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Distinguished guests, ladies and gentlemen:
I am very pleased to open the Joint Symposium on Insolvency and Secured Transactions Law Reform. I would like to extend a warm welcome to all the participants in this Symposium. I am pleased to note that we have participants from a wide cross-section of the Bank's developing member countries, government, legislative bodies, the judiciary, the private sector, law firms, international consultants, and local consultants. We also have representatives from multilateral organizations, including UNCITRAL, the World Bank, IMF, and UNDP.
Ladies and gentlemen, allow me briefly to introduce ADB to those of you who may not have had direct contact with our organization. ADB is the leading regional development bank for Asia and Pacific, owned by 57 member countries. In recent years, Bank assistance to developing member countries has averaged over $7 billion per year. This includes annual grant assistance of over $150 million. To meet the changing and increasingly complex needs of the developing member countries, ADB is evolving from a project lender into a broad-based development institution. The Bank is vitally concerned with issues of good governance, which we consider indispensable for sustained development and effective social and economic management. The rule of law is at the heart of good governance. In this context, the Bank has funded numerous law-related technical assistance projects in its DMCs, including regional TA projects on Insolvency and Secured Transactions Law Reform under which the present symposium is being organized.
The recent Asian financial crisis has taught us the important lesson that well-developed insolvency and secured transactions systems facilitate the efficient allocation of resources, foster economic growth, and may help to accelerate the recovery of an economy in distress. Efficient and uniform insolvency and secured transactions regimes are important elements of a sound legal framework for the financial and corporate sectors. During the Asian financial crisis of the past two years, many DMCs have taken important measures to address problems arising from inadequacies of insolvency and the secured transactions regimes. These measures have addressed a wide range of problems, including incomplete legislation, inadequate institutional capacity, inconsistent application of enacted legislation, and excess or lengthy enforcement procedures. There are positive experiences in many countries that we hope can be shared during the Symposium.
However, despite major efforts, many outstanding issues remain. Fragmented legislation and registration systems for many types of movable collateral create uncertainty. There are many unresolved issues related to legal processes for establishing the priority of claimants over collateral. At the same time, courts are congested and informal mechanisms are insufficient as alternatives to judicial enforcement. These issues need to be addressed at the national and regional levels if legal frameworks are to serve corporate rehabilitation and restructuring and the development of debt financing as an engine of economic growth. Training those responsible for the administration and enforcement of secured transactions and insolvency laws will enhance their awareness of these laws and their application, both within DMCs and in cross-border transactions.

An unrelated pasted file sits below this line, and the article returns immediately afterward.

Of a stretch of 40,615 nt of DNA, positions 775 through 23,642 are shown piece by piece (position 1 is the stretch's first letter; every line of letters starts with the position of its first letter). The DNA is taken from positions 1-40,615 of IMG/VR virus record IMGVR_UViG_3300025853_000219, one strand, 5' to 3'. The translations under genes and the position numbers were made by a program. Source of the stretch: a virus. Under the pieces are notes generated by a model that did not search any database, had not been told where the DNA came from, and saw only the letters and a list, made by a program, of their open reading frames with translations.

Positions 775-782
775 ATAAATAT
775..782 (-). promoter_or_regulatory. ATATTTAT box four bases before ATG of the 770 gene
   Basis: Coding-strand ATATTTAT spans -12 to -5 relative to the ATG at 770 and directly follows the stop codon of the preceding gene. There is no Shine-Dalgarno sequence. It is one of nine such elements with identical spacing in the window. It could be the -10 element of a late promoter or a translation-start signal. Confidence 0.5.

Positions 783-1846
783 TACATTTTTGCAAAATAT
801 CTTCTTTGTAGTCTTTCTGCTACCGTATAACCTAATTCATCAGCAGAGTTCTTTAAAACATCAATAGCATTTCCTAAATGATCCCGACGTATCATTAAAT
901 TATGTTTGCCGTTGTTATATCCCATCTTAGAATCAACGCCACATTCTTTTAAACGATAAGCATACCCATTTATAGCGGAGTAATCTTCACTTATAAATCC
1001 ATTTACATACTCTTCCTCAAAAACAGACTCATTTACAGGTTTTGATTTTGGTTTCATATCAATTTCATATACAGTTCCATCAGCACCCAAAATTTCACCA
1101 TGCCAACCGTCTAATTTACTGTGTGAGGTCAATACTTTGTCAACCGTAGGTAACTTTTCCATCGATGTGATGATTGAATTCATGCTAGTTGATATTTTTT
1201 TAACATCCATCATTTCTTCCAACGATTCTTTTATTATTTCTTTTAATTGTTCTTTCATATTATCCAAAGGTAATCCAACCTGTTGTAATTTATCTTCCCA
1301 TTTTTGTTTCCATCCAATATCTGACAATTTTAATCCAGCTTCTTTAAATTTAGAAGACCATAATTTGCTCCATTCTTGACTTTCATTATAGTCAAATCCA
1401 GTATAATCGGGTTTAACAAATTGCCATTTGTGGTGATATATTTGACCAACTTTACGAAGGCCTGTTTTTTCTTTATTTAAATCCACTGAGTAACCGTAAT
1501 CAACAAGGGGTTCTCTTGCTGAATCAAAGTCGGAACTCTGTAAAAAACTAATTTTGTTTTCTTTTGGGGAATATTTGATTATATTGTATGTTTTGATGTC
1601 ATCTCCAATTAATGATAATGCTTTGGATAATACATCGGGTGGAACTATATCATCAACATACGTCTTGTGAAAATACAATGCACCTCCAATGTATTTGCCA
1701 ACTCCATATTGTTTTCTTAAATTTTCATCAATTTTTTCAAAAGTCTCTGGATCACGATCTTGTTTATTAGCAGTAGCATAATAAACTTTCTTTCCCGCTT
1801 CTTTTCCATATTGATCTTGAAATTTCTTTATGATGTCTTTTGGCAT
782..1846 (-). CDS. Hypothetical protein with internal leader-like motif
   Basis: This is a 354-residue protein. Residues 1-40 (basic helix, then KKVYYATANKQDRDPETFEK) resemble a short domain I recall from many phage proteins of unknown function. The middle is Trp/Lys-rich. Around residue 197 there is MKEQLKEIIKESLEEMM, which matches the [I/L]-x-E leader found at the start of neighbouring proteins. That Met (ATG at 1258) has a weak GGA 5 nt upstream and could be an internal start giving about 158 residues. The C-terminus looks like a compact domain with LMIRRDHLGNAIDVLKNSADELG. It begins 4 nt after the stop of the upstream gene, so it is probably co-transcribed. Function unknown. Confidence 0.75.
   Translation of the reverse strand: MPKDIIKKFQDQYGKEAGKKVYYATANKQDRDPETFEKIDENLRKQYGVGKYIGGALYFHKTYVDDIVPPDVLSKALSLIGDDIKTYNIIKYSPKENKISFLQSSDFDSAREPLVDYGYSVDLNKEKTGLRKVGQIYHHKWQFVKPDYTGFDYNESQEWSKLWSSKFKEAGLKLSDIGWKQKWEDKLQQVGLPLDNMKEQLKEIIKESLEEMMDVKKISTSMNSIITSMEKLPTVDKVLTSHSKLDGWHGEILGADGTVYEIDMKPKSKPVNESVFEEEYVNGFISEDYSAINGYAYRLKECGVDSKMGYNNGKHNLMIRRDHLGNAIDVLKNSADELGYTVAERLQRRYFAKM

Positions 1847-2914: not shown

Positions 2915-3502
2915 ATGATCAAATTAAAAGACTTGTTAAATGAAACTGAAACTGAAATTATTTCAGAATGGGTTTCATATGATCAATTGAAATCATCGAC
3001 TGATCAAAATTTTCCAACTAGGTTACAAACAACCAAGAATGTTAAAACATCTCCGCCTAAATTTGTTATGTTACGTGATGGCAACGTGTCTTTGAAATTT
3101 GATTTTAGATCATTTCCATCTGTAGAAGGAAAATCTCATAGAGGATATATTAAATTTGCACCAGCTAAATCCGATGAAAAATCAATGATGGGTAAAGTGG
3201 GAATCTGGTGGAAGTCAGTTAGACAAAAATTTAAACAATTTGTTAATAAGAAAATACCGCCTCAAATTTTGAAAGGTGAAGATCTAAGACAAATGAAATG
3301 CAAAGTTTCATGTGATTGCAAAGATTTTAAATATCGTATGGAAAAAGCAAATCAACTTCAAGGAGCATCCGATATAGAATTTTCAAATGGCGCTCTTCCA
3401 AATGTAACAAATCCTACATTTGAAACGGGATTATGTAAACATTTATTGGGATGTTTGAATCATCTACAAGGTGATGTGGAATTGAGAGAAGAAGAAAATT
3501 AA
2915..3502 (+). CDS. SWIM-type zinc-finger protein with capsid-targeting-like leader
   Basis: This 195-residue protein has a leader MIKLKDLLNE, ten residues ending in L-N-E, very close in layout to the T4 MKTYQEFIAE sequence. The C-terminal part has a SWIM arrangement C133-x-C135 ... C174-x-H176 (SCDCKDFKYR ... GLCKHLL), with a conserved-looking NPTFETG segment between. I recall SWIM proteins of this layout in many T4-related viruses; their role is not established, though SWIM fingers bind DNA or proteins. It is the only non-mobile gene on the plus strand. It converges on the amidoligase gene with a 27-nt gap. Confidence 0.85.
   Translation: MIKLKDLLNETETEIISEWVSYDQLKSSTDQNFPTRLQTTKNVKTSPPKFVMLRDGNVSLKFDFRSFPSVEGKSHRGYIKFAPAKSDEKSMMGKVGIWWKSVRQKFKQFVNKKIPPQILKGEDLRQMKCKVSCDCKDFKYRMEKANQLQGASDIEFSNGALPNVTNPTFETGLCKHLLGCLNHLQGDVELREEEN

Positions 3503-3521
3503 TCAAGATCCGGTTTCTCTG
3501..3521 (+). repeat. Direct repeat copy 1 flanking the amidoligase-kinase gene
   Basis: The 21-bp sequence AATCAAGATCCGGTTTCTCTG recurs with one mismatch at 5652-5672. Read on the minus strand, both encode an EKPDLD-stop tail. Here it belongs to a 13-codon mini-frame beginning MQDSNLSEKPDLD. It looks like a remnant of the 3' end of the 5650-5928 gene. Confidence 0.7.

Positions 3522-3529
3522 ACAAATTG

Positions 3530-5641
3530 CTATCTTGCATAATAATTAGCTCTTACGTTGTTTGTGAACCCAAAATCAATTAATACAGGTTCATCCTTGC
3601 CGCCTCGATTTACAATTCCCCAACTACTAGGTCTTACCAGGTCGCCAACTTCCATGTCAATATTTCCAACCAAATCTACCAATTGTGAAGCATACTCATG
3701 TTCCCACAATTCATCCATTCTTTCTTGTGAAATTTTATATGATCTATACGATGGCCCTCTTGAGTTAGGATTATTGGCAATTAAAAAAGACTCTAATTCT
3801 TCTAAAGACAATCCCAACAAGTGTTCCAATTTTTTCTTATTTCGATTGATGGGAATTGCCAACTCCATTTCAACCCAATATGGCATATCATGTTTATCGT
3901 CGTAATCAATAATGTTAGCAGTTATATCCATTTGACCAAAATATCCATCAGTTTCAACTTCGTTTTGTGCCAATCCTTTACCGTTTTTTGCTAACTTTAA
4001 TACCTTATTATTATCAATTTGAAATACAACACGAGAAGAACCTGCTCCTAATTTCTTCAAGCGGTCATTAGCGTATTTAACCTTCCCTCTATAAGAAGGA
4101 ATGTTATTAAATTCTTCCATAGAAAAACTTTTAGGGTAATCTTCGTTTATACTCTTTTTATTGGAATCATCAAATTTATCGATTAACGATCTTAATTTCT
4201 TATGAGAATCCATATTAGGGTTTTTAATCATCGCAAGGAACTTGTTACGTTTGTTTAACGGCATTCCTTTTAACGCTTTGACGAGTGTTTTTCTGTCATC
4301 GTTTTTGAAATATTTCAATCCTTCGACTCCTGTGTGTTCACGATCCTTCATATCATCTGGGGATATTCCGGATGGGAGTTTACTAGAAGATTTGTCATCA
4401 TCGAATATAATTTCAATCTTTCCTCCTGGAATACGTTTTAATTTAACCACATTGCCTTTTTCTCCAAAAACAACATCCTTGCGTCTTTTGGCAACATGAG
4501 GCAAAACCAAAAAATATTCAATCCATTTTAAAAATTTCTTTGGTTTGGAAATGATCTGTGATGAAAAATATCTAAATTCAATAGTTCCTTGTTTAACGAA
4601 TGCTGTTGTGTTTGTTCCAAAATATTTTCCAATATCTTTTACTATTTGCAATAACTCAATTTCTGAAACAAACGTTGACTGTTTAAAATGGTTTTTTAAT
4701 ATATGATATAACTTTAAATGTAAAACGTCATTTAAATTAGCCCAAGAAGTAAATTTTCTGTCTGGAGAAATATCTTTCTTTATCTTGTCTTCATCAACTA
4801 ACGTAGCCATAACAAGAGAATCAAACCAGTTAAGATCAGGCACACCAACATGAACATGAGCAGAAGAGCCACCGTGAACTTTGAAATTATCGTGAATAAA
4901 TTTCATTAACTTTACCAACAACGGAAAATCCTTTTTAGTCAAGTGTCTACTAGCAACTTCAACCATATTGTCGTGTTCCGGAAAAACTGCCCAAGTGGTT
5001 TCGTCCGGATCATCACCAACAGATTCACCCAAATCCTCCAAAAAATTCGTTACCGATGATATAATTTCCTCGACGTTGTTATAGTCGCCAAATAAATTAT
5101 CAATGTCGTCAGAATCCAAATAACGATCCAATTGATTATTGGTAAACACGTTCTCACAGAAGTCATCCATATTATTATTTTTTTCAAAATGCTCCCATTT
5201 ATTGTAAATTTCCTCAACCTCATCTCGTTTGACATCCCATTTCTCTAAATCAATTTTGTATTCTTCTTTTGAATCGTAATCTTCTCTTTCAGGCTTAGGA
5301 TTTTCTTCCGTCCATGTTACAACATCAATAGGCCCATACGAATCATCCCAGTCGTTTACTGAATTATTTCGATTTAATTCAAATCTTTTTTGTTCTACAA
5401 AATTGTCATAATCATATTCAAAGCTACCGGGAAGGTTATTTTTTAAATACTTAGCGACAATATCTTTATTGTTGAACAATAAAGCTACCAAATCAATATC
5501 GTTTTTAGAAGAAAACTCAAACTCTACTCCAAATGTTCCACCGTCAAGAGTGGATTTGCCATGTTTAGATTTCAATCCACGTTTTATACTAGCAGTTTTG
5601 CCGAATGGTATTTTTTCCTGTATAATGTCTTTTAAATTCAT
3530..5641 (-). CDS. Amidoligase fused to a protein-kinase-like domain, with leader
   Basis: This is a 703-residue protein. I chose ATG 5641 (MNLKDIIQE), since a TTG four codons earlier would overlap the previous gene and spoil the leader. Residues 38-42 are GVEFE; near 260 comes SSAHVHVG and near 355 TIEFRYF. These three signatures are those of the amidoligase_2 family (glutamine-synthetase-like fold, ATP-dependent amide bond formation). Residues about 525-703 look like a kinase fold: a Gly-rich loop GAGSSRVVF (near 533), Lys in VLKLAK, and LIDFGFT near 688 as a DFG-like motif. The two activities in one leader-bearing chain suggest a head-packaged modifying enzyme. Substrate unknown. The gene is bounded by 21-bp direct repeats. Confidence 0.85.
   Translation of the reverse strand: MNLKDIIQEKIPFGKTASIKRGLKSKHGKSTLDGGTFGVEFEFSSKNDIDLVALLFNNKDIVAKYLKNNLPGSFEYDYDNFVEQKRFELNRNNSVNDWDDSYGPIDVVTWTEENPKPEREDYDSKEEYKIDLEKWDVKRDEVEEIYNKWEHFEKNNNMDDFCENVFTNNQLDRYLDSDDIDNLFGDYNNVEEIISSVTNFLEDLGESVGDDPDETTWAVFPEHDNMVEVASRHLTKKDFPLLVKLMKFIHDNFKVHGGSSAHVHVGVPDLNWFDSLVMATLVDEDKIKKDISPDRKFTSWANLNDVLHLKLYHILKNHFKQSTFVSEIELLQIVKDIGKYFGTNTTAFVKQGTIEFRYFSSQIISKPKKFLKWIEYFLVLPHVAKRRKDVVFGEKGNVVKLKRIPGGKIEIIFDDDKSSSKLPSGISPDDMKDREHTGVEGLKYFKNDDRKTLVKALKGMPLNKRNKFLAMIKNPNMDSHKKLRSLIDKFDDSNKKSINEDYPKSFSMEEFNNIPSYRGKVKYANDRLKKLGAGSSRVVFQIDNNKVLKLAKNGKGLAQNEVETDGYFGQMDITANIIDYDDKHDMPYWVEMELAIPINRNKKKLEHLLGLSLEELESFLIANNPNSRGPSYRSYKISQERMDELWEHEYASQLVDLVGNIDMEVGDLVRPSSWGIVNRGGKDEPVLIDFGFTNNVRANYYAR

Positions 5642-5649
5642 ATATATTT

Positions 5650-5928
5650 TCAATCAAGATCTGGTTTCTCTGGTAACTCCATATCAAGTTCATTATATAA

The Bank has financed technical assistance to support insolvency and bankruptcy law reform and secured transactions registration systems in several DMCs. The Bank recently approved two regional TA projects, on insolvency and secured transactions. These are intended to frame broad strategies for legal reform and best practice based on comparative country experience, and will receive valuable inputs from the current Joint Symposium. This Joint Symposium will explore ways of integrating secured transactions and insolvency legal regimes, so that these interconnected law reform efforts proceed in a coordinated fashion.
ADB will be working closely with OECD, the World Bank, and APEC on the themes being discussed here this week. As the development bank dedicated to Asia, it is the Bank's intention that this Joint Symposium can contribute to developing and tailoring insolvency and secured transaction regimes that are appropriate for the countries of the region.
I would like to express my special thanks to our consultants, resource persons, and experts from the countries of the region for their contributions to this Joint Symposium. I expect that there will be a lively discussion on problems, experiences and lessons learned, and that this will lead to valuable conclusions and recommendations.
Your contributions and ideas are of vital importance in developing comprehensive recommendations on insolvency and secured transactions law reform that can be shared by us all. I wish you the best of success in this Joint Symposium.